I think what I’ve been pushing the team on is to show our partners that they can make more money with us on this strategy. And really it’s those blueprints around the services and software portion of our organization. It’s about, how do we make sure we show these blueprints for smart collaboration offices, how do we show these blueprints for “cloud to client”-type rollouts across something like VDI. Those are the things that I think I’ve seen the biggest impact beginning to start. And even when I look at our SSG [Solutions and Services Group], we drove that portion of the business in North America to over $100 million in revenue. And it’s growing every quarter. We want our channel partners to start taking advantage of that. We will show them the blueprints, how they can make more money, how they can partner with us to be more sticky. Because I think that’s the key thing that you’re going to see out of our 360 strategies—how do we get solutions that are more sticky and bring value. It’s not just about having long-term revenue, it’s about how we bring value to get deeper customer relationships with the channel.
Could you break down what goes into your Solutions and Services Group business?
There are three portions. The first one is premium services and support, such as extended warranties, white-glove service, rapid turnaround on end customer deployments for services and support. You also have things like software add-ons, such as our ThinkShield portfolio, or it could be an Absolute or a SentinelOne type of add-on. Our channel partners and our sellers have been very accustomed to selling that “tower” of services.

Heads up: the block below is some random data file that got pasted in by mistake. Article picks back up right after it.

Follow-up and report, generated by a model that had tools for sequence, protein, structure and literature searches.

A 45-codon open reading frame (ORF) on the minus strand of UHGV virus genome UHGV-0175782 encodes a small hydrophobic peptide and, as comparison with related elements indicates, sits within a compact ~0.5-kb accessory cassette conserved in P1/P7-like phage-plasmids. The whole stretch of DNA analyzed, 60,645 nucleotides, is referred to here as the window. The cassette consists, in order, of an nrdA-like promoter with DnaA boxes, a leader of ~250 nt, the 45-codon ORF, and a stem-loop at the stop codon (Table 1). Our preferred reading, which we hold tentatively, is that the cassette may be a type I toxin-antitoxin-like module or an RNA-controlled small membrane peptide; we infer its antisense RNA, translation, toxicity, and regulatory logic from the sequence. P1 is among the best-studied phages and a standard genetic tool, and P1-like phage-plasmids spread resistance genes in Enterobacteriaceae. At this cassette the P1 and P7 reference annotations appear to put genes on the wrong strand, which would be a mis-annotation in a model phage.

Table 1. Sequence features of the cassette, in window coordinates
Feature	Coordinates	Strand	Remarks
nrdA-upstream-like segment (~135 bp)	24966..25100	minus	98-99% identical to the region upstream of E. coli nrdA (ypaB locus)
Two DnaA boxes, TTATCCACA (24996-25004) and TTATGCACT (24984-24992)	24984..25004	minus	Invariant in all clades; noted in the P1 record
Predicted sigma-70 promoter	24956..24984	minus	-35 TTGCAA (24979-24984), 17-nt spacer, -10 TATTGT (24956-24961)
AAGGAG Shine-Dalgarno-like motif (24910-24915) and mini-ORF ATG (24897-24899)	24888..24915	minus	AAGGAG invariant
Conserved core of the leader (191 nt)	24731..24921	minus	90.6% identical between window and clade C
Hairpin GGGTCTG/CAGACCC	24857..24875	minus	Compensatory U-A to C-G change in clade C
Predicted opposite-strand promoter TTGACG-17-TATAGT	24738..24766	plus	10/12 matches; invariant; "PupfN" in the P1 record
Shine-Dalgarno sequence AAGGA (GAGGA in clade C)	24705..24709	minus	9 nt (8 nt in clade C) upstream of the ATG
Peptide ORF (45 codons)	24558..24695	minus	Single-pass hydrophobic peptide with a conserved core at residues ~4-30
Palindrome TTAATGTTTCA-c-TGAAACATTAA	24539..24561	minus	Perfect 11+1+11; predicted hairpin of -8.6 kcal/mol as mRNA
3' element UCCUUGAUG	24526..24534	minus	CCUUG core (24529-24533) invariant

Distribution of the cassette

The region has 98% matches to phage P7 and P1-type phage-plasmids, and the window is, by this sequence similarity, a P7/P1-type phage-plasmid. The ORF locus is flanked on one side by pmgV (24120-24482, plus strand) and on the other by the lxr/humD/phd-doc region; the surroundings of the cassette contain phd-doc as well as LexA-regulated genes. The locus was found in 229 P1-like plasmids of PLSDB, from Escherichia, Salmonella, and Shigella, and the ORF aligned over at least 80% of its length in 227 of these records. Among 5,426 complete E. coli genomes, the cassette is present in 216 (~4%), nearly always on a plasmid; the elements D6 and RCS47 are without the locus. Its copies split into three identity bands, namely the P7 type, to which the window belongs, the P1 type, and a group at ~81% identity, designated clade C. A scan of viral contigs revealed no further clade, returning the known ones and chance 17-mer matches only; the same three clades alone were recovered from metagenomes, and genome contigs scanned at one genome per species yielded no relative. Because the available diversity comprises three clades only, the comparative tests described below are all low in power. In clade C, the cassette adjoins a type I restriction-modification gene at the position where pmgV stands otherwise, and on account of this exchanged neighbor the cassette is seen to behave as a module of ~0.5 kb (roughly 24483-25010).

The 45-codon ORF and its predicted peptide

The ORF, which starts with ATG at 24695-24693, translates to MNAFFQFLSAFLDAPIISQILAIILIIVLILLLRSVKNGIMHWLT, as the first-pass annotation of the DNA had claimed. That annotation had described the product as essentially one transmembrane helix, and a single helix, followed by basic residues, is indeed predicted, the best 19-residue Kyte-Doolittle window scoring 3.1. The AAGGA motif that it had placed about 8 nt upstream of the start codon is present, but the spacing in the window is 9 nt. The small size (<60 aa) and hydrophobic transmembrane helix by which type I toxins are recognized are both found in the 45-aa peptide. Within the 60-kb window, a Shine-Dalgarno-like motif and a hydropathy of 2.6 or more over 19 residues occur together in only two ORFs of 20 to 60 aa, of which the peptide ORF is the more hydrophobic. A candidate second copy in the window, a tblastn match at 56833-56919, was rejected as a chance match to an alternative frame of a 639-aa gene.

The one where we’re seeing the biggest growth right now is what we call our “tower two,” which includes device-as-a-service. Our largest device-as-a-service deployment we have right now covers about 100,000 devices with a very large customer. Half of those devices aren’t even Lenovo devices. We help this customer with everything from asset deployment, management, updates, security patches—and then on the backend we do asset recovery. For customers, instead of a capex cost from buying a device, it’s an opex cost because it’s services. Some channel partners are just now starting to adopt that “everything-as-a-service” mentality. We want to start tapping into potentially some of those reseller partners that are very accustomed to as-a-service.
Tower three is customized, complex solutions. This is the one where it really gets some stickiness. This is where we’re looking at things like Lenovo workstations integrated with our AR/VR glasses. We just launched the new ThinkReality A3 smart glasses this past week, and then you have the software on top of it.
What would be an example of a complex solution that Lenovo can now provide to customers?
I was talking to a large automotive company just a week ago, and they were buying mobile workstations, VR glasses and software. So for this automotive customer we had our workstation team on the line, we had our AR/VR team on the line, and we had our SSG team on the line. And one of the things we talked about was that we could do this as a package. We could actually sell it as a complete package with those software components involved—so this automotive customer doesn’t have to go to one provider for workstation, one provider for VR glasses, one provider for software. That’s a complex solution.
For those three pillars of the SSG, we think there’s opportunity for channel partners to make money in every one of them. They’re used to it on the premium services today. We think device-as-a-service could really pick up for some of these channel partners. And then the complex solutions, that’s where we’ll have to start working with some more unique partners that might be specialized in high-performance computing or workstation.
With Lenovo 360, is the goal for partners to essentially be dealing with one organization across PC, data center and services/solutions?